Michele Carini Bruinsma, Stanley Avenue
What I love: that it’s an off-leash dog park with lots of green space.
Room for improvement: More rubbish bins, plus replacing the broken ones. How about recycling bins for glass, plastic, and trash and one specifically for dog poop, which are standard in European public parks and now even in Kitchener, Ont.
Saman and Dorothy, Crichton Street. Recreational users and nature lovers
What we love: The proximity to the river, the green landscape, the wildlife (particularly birds), the change of use and landscape over the different seasons.
To improve: More frequent garbage collection from the bins; complete the planting of grass near the water storage tank facility; maybe have more volunteer cleaning drives for the banks of the river.
The Shepherd Family, MacKay Street
I’d like to see many more wildflowers to attract the monarchs. The old monarch garden seems to have disappeared. I’d also like to see more “NO BIKES ON THIS STRICTLY WALKING PATH” signs. It is most irritating to have bikes roaring past on the walking path.
Karen Squires and Richard Aubry, River Lane
I love how the park brings our community together, right in the heart of our beautiful city. I think everyone benefits from this amazing green space and I’m so pleased that it’s now back in full use again [after years of infrastructure work]. We must continue to protect our green spaces to ensure they are natural, clean, and safe for everyone.
I think more effort in keeping the entire park area clean is very important. There is still a considerable amount of garbage left behind on Stanley in and around the park. There needs to be more accountability when groups use the park for events to ensure there is zero “garbage footprint” left behind. With more people using this limited space, there should be more support to ensure green space is protected and clean. We continue to lose trees for a variety of reasons (i.e., climate change) so trees and bushes need to be replanted to ensure we maintain our limited green space, moving forward, for all to enjoy.
Eileen Olexiuk, River Lane. Senior, retired person, pedestrian
I love the river, the trees, the birds, and other small animals that live there: the peacefulness of nature. I also love the activities, especially for young people: cycling, soccer, baseball, skating or just playing on the equipment.
What I would like to see improved is restricting cyclists to using the bike lanes, and not taking the walking paths along the river. We need better signage strategically placed and visits by bylaw officers until such time as respect for all users is recognized.
Jill Nowell, Dufferin Road
I think that finally the city has built us a wonderful new park for our neighbourhood. I love all the trees that have been planted and keep finding new paths to wander about while walking my dog.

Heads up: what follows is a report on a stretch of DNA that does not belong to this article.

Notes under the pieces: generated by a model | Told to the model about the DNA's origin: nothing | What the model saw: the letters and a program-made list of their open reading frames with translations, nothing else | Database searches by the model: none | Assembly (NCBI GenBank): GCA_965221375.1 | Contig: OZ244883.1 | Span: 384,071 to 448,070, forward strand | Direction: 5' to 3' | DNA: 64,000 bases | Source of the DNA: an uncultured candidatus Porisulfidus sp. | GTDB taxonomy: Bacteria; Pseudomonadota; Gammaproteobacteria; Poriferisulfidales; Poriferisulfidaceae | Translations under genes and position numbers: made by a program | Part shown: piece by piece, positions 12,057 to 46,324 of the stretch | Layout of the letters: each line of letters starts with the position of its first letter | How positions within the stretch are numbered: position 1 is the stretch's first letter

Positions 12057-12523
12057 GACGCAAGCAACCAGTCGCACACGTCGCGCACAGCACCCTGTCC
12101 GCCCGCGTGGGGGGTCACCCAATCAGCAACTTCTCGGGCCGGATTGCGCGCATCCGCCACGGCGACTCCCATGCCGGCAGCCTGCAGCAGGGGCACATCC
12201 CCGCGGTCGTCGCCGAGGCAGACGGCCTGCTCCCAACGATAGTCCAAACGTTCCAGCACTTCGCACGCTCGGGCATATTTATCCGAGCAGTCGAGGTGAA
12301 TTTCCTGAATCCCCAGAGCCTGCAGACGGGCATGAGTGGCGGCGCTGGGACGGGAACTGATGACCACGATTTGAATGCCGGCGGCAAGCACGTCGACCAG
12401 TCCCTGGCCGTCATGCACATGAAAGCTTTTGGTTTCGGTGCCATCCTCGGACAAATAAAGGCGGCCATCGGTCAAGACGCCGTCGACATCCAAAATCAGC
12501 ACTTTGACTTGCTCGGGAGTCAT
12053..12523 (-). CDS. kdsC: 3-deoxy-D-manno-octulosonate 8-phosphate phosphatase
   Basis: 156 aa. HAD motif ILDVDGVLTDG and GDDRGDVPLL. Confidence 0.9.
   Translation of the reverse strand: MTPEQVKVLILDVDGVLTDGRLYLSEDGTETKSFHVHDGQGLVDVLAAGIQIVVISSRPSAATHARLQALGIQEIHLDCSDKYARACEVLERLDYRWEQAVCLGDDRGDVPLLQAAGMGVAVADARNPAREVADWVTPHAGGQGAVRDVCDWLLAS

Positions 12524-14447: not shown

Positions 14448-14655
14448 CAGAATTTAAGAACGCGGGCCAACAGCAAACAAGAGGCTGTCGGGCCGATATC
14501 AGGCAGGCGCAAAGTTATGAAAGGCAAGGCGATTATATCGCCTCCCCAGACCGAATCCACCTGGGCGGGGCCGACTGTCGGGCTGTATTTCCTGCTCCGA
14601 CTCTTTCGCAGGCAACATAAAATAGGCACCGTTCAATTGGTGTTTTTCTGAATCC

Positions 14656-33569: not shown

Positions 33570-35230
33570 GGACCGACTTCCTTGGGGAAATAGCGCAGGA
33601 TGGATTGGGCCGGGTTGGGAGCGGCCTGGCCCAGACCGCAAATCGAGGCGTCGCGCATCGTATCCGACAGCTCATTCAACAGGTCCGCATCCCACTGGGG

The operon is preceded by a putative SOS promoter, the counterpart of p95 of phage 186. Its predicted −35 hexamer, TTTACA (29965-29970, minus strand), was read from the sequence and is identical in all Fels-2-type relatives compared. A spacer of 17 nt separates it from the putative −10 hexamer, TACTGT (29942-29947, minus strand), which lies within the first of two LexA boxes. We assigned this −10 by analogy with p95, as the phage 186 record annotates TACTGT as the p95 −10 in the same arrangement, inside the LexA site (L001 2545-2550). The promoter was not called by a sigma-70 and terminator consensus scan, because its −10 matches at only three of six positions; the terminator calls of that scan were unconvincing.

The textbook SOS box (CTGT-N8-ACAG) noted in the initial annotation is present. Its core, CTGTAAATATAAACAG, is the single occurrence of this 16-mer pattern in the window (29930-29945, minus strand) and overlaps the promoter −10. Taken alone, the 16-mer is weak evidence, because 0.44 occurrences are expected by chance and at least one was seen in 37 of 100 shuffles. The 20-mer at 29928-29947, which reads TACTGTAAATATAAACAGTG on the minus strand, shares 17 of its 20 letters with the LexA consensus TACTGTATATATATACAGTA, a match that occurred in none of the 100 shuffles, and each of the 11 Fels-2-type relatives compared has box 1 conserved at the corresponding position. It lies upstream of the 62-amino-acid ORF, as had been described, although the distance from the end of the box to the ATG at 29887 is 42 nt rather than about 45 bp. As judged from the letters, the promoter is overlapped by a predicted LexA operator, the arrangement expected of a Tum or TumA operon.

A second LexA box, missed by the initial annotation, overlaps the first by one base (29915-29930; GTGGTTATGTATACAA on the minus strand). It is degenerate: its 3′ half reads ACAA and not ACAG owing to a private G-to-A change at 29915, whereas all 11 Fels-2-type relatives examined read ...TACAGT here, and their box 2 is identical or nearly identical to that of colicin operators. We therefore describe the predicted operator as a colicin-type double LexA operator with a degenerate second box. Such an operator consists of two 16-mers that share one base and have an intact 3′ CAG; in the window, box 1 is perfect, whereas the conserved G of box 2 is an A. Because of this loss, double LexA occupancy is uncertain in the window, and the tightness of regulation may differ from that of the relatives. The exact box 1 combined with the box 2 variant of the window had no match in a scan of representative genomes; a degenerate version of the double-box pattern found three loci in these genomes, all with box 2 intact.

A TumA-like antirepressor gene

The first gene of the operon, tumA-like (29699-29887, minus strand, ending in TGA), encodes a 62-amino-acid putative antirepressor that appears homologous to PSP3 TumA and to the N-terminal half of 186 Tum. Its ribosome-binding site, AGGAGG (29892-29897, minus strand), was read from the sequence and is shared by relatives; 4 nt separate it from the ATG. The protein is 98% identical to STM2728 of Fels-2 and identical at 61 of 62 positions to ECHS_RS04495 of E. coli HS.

However, it is taking a very long time for the seeded grass areas to grow and as a result we get very muddy areas when it rains, and this destroys the new grass trying to grow. The areas now need to be covered with sod.
Deepee Khosla, River Lane
My favourite thing(s): I love going for walks along the river. In the winter, the skating rink is a blast.
It would be nice to have a section of the park planted with native [species] to encourage more wildlife. Perhaps something similar to what’s been done at Remic Rapids.
Raewyn Khosla, River Lane. Nature Lover
I love walking through the park watching the trees go through the seasons.
I’d love to see an area of the park dedicated to native plants, a rewilding project with an urban meadow theme using native flowers, trees and grasses that will attract more diverse insects, birds, and wildlife. This is something that is happening internationally in cities as biodiversity is threatened and development and agriculture eat up natural habitats.
Justin Swan, River Lane. Family with young children, cyclist, pedestrian, sports & rec user[I love] the waterfront. It provides great views of the downtown, Parliament, and Minto Bridges – a unique perspective of our capital. [I would make improvements] to evolve Stanley Park into one that is internationally renowned and a top-three destination in the capital. This would include expansion of the park through amalgamating Porter Island, Bordeleau Park, the Rideau Falls, and Stanley Park via a new pedestrian pathway “loop.” The loop would connect new destinations within the park as well – a small outdoor theatre on Maple Island, a seated patio at the new junction framing the view of the Parliament, a canoe dock, and a new and expanded fieldhouse worthy of hosting a variety of events and programming. Let’s be bold!
Since early November 2016, NECA’s Task Force has been working hard to learn more about the forthcoming Combined Sewage Storage Tunnel (CSST) project and what the community can do to prevent being used as the main extraction site, or to mitigate the impacts of such construction. (Visit the Task Force on Facebook).
This page features information on the CSST for New Edinburgh residents, to help better understand the scope and scale of the project, what we know about it, and to get the community thinking about what we can do to help mitigate the project’s impact on our neighbourhood.
In February 2017, a Community Construction Monitoring Committee was created to liaise between the CSST team and New Edinburgh residents.